Chapter 1. Oracle and Security
When Marlene Theriault's 91-year-old father learned that she was writing a book, his first question was, "What's it about?"
"Security," she said.
Astounded, her father asked, "You're writing a book about social security?"
To each one of us, the word "security" may mean something different, depending on how and where the word is used. To the elderly, security may mean a government-issued check deposited to their bank account each month. To a woman traveling alone, security may mean a hotel room door locked with both a deadbolt and a heavy chain. To a movie star or politician, it may mean a bodyguard who travels everywhere with them. To your company, it may mean maintaining a guard force to ensure that your office buildings are safe.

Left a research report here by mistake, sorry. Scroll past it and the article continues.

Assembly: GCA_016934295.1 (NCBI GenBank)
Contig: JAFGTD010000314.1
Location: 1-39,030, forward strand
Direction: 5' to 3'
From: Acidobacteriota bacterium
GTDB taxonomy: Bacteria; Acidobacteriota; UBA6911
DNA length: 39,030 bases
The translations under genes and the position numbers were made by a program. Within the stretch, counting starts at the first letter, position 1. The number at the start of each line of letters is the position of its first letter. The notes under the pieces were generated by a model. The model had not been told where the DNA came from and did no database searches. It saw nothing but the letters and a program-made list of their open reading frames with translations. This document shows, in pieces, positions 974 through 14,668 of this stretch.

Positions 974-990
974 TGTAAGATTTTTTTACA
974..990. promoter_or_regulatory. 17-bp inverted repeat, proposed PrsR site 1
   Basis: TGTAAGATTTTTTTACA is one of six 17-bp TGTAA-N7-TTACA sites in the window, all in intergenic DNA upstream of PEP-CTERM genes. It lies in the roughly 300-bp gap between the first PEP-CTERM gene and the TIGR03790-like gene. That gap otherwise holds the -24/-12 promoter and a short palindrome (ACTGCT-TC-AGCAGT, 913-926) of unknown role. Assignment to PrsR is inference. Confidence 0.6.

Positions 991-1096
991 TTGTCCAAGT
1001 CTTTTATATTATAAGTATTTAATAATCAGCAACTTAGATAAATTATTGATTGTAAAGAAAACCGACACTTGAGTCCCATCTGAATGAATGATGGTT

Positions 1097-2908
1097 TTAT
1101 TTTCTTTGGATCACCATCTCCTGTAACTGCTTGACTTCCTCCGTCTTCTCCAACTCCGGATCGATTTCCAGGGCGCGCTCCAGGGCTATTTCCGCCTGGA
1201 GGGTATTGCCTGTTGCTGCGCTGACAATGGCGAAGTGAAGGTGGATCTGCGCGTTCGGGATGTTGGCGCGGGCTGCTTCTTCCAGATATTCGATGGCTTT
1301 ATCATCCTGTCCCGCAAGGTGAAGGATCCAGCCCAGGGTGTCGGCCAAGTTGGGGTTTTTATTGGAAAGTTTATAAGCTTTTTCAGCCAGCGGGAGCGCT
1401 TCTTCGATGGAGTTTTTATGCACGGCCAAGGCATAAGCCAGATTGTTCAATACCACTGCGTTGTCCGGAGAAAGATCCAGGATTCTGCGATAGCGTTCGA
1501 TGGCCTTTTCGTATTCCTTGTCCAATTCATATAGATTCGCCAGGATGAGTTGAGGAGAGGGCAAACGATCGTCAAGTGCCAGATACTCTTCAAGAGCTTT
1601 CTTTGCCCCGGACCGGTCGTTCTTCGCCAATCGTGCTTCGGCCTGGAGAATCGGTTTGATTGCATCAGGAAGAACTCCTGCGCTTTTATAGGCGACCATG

Just as a guard force helps ensure that people do not enter buildings or areas in which they don't belong, in the computer world "security" may translate into hardware, software, and a set of technical and personnel procedures that together help ensure that unauthorized people do not gain access to areas of information they should not seeand that authorized people do not jeopardize your system and data by exceeding their authority.